This vapor, which can exist a very low atmospheric temperatures, is almost anywhere there is an atmosphere. You can find water vapor in the atmosphere of the sun, the extremely cold atmospheres of comets and on other stars and exoplanets. Water vapor is particularly abundant in the Earth’s atmosphere and is the key component of the warmth and the habitability of the earth's surface. In fact, water vapor is the most influential greenhouse gas, according to the American Chemical Society, accounting for 60% to 90% of global warming effect. The percentage water vapor in the air varies from 0.01% at 44 °F to 4.24% at 86 °F. That means there is a lot of water in the air (3100 cubic miles), enough to keep Niagara Falls running for over 250 years.
This water vapor is highly energetic, zipping around at tremendous speeds, and contains enormous amounts of energy. The warmer the air, the faster the water vapor molecules move (and the more energy and pressure, but let’s not get started on Bernoulli, Boyle and Maxwell). Bottom line is a typical water vapor molecule moves at 480 meters per second! That is over 1000 miles per hour! It is nearly twice as buoyant as air, and because of this buoyancy and energy it increases in density at an exponential rate as the air heats up. In other words, there is much more water vapor in warm air than in cool air.
Water vapor enters the atmosphere by evaporation from liquid water (mostly sea water) and by sublimation from ice (mostly Antarctica). During evaporation, each individual water molecule gains kinetic energy as it becomes vapor (one reason why it is so speedy). Warm air actually sucks up all the molecular water vapor it can from everything it touches (water, ice, ground, you); it is just the physics of the thing. This means that as the global warming increases there is more water in the air, and less in everything else. In practical terms, you have to keep filling up your swimming pool all summer. How much? A normal sized pool you will lose 25,000 to 50,000 gallons of water per year or about 100 gallons per day. That’s a lot of water disappearing every day that you are paying for! And the world isn’t making any more water!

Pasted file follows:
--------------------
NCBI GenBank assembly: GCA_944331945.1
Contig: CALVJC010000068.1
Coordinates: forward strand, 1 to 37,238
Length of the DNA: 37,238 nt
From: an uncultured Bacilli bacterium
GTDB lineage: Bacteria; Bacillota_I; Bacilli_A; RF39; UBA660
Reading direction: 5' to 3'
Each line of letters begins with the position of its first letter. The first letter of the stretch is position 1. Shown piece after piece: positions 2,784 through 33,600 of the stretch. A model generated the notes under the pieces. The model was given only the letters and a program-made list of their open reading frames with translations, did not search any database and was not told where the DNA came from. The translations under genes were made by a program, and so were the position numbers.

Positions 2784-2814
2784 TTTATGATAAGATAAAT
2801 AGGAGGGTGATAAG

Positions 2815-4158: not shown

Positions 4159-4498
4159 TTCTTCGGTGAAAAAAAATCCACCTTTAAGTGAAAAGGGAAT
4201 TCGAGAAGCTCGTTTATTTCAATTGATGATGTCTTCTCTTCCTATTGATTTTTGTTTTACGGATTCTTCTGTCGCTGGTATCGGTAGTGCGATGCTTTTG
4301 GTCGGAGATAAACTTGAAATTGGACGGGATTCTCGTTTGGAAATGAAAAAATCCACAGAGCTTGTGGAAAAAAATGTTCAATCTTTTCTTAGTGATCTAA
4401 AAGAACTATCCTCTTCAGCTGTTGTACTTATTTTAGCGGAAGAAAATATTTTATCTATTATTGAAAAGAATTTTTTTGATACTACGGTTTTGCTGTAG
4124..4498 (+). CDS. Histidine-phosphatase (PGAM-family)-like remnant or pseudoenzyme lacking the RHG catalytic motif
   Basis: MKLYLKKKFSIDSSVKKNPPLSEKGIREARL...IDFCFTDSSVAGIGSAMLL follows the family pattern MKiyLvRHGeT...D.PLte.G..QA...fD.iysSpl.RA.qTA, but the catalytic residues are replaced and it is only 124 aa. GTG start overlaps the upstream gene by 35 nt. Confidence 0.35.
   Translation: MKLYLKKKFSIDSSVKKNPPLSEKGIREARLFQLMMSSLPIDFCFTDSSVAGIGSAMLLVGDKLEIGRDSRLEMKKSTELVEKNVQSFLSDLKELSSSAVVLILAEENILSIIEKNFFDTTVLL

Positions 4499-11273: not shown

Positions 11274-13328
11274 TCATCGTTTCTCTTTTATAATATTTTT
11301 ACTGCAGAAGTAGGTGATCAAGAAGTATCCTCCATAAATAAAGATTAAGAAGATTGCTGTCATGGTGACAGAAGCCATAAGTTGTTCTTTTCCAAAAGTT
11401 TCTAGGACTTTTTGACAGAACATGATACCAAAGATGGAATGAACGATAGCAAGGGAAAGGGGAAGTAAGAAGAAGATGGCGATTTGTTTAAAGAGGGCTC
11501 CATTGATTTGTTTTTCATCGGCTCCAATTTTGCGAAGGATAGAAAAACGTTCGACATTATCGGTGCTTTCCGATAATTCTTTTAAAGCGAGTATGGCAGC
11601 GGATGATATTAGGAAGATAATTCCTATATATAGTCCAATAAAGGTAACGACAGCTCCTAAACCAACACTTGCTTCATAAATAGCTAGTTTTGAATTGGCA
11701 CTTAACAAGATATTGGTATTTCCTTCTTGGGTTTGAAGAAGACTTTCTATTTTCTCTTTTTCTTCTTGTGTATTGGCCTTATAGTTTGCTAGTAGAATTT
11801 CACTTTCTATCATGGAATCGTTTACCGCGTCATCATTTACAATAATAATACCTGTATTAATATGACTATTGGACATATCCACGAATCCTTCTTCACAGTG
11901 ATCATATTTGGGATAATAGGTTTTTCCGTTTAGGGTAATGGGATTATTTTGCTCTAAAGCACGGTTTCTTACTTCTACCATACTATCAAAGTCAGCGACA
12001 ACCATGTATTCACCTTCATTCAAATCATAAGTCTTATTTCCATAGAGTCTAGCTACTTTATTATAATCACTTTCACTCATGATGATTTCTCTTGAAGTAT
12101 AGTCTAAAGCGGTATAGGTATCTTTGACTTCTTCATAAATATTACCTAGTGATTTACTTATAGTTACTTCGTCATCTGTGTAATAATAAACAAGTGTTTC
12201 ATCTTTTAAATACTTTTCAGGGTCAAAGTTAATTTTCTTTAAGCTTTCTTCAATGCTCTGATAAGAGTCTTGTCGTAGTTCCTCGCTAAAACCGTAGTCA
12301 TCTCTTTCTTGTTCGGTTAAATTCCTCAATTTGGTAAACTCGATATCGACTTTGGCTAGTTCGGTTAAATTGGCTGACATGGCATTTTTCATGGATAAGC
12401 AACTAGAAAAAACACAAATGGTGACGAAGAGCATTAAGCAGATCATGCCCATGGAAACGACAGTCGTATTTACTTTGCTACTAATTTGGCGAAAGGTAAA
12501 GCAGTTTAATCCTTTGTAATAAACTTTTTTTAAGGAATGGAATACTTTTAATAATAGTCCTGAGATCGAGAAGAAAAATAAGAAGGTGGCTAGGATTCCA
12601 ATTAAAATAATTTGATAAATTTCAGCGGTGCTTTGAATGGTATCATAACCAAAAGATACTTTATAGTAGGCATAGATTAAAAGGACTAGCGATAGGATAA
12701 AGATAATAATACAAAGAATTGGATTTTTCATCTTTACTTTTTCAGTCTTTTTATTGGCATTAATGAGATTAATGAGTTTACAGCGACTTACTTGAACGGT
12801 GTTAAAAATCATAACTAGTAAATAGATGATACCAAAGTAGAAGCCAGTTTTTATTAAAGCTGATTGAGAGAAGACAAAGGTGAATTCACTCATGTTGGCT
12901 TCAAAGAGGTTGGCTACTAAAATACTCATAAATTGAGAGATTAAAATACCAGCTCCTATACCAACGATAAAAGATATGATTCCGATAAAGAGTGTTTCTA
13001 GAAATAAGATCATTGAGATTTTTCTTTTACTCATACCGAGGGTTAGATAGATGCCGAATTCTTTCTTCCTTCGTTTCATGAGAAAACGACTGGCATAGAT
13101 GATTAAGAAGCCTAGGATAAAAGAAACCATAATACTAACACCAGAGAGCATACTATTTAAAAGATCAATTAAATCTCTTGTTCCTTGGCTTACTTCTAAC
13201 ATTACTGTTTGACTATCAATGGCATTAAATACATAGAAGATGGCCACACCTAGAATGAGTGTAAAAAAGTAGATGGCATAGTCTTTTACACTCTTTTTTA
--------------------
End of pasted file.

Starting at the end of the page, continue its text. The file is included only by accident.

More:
OK, so we now know how water vapor gets into the air, that water vapor exists everywhere there is an atmosphere, that there is a lot of it, and that the atmosphere is sucking it up at faster rate as the world warms up. The next challenge, and the next blog, is getting it back where it belongs!
Want to know more? (www.waterseer.org) Want your own water security and Independence? (LINK: WaterSeer Reserve and WaterSeer California Video) Want to help the world get water abundance? (LINK: WaterSeer for the World Foundation) Let’s get busy!
Sources: University of Arizona Geotechnical, Rock and Water Resources Library; American Chemical Society; NOAA; Wikipedia